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Case Study: Small-Cap Stocks vs. Large-Cap Stocks

When looking at small-cap stocks vs. large-cap stocks you’ll find that small-cap stocks are undervalued. Here’s a case study to demonstrate (and two stocks I like).

Businessman holding dollar symbols

Today I’m going to discuss two stocks.

They are both in the same sector and have similar growth profiles.

They both are controlled by excellent capital allocators.

But one trades at a massive discount to the other.

This case study will articulate why I prefer small-cap (or micro-cap) stocks vs. large-cap stocks.

Let’s start with the large-cap stock.


Large-Cap Stock: Brookfield Asset Management (BAM)

On December 12, 2022, Brookfield Corporation spun off a 25% stake in its asset management business, Brookfield Asset Management (BAM), to investors.

Investors in Brookfield Corporation received 1 share of the manager for every 4 shares they owned of the corporation.

The spin-off, Brookfield Asset Management, is a pure-play alternative asset management company. The manager is retaining 100% of fee-related income and is entitled to 2/3 of gross carried interest on new funds (Brookfield Corporation retains 1/3 of gross carried interest on new funds).

It has been growing rapidly and expects to continue to do so going forward.


Brookfield Asset Management currently generates $2BN of free cash flow. With a $49BN market cap, it’s currently trading at 24.5x free cash flow.

This valuation isn’t dirt cheap, but it is attractive – I would argue – for a pure-play alternative asset manager with secular growth tailwinds.

But when I look at Brookfield Asset Management, I just can’t get that excited because I know I can invest in P10 Holdings (PX).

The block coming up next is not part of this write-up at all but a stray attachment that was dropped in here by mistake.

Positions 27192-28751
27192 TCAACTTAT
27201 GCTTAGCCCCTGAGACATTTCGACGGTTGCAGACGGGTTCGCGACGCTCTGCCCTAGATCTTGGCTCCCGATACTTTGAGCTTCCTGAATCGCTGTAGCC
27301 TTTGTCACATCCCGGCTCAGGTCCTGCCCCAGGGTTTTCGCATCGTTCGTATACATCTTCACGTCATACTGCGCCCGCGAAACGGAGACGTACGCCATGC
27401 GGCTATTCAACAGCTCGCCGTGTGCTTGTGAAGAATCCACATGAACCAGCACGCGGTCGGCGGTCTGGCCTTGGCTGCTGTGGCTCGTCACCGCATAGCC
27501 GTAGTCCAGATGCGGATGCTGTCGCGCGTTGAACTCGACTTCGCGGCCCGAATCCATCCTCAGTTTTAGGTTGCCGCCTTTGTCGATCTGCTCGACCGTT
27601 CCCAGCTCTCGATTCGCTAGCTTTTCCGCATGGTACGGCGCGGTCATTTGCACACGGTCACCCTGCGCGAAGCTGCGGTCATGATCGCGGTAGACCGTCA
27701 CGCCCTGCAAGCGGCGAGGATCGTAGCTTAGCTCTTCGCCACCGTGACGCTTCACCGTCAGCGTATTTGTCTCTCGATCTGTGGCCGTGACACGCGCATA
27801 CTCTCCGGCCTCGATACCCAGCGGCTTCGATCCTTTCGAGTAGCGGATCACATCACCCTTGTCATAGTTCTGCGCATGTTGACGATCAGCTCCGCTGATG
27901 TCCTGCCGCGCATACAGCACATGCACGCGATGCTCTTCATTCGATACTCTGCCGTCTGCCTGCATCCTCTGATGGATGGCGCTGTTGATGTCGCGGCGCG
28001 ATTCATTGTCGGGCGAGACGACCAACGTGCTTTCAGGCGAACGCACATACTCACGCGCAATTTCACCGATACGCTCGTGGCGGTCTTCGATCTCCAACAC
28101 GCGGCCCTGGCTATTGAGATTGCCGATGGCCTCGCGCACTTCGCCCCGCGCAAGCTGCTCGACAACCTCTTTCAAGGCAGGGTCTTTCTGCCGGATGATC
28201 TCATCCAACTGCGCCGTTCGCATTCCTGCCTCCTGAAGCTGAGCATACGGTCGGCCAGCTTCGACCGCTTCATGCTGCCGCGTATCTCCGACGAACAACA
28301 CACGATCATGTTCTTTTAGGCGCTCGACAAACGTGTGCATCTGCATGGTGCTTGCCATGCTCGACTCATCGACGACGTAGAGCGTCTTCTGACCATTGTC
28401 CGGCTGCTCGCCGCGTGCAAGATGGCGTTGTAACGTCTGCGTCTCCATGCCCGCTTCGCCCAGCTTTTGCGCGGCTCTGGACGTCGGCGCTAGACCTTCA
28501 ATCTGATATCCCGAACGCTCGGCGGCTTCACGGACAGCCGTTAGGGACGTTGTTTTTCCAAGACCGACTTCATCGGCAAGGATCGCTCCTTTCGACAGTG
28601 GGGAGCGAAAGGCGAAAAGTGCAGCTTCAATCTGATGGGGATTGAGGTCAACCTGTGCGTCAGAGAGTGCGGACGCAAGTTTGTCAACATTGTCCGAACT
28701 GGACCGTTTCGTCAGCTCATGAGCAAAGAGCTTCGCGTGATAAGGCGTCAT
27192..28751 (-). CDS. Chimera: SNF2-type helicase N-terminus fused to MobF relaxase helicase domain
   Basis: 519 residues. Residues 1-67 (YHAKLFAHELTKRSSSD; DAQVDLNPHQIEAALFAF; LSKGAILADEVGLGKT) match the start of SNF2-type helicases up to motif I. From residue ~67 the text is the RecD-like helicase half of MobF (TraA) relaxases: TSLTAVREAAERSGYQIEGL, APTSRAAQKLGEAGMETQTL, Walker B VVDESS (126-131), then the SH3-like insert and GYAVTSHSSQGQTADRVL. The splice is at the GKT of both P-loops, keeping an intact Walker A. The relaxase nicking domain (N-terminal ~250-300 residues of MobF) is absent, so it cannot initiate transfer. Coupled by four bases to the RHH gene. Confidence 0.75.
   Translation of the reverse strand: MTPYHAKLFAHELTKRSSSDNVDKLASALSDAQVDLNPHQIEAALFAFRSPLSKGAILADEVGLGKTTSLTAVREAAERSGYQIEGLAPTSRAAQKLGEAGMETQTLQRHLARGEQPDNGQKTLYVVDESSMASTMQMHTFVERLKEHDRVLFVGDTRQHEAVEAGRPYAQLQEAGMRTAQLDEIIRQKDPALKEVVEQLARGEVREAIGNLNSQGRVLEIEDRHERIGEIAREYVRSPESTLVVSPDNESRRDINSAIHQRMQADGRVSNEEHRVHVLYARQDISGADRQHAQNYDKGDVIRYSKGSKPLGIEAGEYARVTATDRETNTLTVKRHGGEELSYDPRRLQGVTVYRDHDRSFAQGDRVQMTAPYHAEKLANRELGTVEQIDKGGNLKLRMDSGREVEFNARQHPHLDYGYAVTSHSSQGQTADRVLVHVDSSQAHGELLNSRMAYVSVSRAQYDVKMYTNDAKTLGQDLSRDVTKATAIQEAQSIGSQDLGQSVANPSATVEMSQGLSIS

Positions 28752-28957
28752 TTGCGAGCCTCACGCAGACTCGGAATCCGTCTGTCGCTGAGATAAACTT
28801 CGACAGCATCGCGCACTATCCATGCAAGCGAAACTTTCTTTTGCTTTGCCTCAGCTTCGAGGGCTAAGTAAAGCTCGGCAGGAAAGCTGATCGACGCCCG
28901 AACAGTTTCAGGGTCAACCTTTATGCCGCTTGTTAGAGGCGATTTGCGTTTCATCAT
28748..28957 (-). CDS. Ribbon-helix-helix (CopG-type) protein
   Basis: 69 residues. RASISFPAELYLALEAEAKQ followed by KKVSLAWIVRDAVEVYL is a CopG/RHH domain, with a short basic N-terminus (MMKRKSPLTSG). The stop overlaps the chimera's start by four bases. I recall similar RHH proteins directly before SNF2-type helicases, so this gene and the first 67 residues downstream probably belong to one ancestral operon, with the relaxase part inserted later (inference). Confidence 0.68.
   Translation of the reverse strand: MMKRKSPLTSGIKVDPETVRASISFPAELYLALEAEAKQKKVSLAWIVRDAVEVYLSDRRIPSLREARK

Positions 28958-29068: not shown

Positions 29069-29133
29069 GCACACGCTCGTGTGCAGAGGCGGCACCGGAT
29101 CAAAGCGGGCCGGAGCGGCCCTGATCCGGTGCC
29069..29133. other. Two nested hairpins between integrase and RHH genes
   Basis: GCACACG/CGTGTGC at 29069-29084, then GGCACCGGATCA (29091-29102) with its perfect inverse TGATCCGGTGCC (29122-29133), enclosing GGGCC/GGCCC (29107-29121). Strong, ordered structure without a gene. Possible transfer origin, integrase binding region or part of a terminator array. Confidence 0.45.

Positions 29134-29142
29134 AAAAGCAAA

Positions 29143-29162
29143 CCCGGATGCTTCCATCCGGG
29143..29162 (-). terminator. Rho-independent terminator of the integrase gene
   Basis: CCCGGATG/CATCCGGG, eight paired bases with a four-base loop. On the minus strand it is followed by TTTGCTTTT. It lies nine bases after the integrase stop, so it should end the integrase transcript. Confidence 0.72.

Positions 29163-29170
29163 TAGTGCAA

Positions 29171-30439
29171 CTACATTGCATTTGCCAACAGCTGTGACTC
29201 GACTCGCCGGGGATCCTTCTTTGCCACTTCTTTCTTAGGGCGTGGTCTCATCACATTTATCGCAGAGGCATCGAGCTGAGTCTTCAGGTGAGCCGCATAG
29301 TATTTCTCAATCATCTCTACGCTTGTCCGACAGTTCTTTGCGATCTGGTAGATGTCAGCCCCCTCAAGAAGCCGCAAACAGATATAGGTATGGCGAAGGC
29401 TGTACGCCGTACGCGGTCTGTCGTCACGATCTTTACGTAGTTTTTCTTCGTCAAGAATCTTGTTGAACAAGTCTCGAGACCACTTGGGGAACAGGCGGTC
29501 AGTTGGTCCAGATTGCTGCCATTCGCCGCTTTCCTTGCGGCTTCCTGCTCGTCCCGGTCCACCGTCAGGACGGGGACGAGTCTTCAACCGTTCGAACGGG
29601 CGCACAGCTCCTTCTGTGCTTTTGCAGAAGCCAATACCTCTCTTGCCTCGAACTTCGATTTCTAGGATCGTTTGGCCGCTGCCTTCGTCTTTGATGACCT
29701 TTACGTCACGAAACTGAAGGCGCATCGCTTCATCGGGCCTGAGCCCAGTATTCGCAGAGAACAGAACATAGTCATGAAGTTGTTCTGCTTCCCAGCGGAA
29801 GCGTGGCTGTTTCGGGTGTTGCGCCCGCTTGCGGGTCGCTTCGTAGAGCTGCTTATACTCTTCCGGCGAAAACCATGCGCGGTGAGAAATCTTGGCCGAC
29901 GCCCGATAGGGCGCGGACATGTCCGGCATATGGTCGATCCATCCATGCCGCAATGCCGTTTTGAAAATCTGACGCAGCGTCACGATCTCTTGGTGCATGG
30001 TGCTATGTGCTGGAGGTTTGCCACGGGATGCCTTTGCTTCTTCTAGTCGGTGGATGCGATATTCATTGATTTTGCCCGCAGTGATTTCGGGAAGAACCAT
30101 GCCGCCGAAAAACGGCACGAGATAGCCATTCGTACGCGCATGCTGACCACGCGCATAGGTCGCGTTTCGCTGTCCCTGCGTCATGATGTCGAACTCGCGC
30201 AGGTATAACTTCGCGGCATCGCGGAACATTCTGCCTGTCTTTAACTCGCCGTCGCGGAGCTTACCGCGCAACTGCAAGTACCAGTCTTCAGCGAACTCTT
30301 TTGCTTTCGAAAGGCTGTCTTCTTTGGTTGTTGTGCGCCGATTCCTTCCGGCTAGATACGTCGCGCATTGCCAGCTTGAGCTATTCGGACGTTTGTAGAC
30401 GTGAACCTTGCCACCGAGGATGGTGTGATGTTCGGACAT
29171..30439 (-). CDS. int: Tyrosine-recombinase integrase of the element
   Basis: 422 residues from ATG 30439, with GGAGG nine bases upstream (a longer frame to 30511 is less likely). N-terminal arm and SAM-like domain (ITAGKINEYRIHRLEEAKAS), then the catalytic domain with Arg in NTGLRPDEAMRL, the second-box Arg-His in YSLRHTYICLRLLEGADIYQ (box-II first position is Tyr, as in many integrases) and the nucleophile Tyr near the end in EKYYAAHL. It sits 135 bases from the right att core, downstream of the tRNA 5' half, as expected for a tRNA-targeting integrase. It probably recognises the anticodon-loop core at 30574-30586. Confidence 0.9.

Small-Cap Stock: P10 Holdings (PX)

Let me introduce P10 Holdings (PX) (disclosure: I own shares)

Back in 2020 when I originally recommended P10 Holdings at a split-adjusted price of 2.98, it traded on the OTC exchange under the symbol PIOE.

In 2021, it up-listed to the NYSE and now trades under the symbol PX.

P10 Holdings is a pure play on continued private equity industry growth because it owns several different private equity management companies.

P10 Holdings is like more well-known (and larger!) peers, Blackstone (BX) and Carlyle Group (CG).

Private equity management companies don’t invest in private equity funds, but rather manage private equity funds (and collect lots of fees!).

The thing that I love most about the private equity industry is the “stickiness” of the fees.

In the private equity world, capital is committed for a period of ten years or longer. In other words, you as an investor have a contractual obligation to pay fees for at least ten years (usually funds can “extend” for at least two years).

P10’s strategy is to buy stakes in private equity management companies. P10 has assembled a strong roster of diversified, high-performing private equity management companies.

PX Overview.JPG

Historically, assets under management have grown organically at 20% per year.

Organic Growth.JPG

The private equity companies that P10 has acquired have excellent performance which suggests assets under management (and earnings) will continue to grow nicely.

Despite a similarly strong growth outlook, P10 Holdings trades at 15.9x annualized free cash flow, a 36% discount to Brookfield Asset Management.


While I like both Brookfield Asset Management (BAM) and P10 Holdings (PX), the valuation discrepancy between the two names leads me to view P10 as the superior stock.

This is often the case when looking at large-cap stocks vs. small and micro-cap stocks.

You can buy a similar quality company growth at similar weights at a large discount.

To learn which small- and micro-cap stocks I like now, subscribe to Cabot Micro-Cap Insider today.


Rich is a trained economist and Chartered Financial Analyst (CFA). He has researched and invested in stocks for more than 20 years and has become a recognized expert in micro-cap stock investing. He started his career at investment advisory firm Eaton Vance where he covered a wide range of sectors including software and internet, financials, and health care.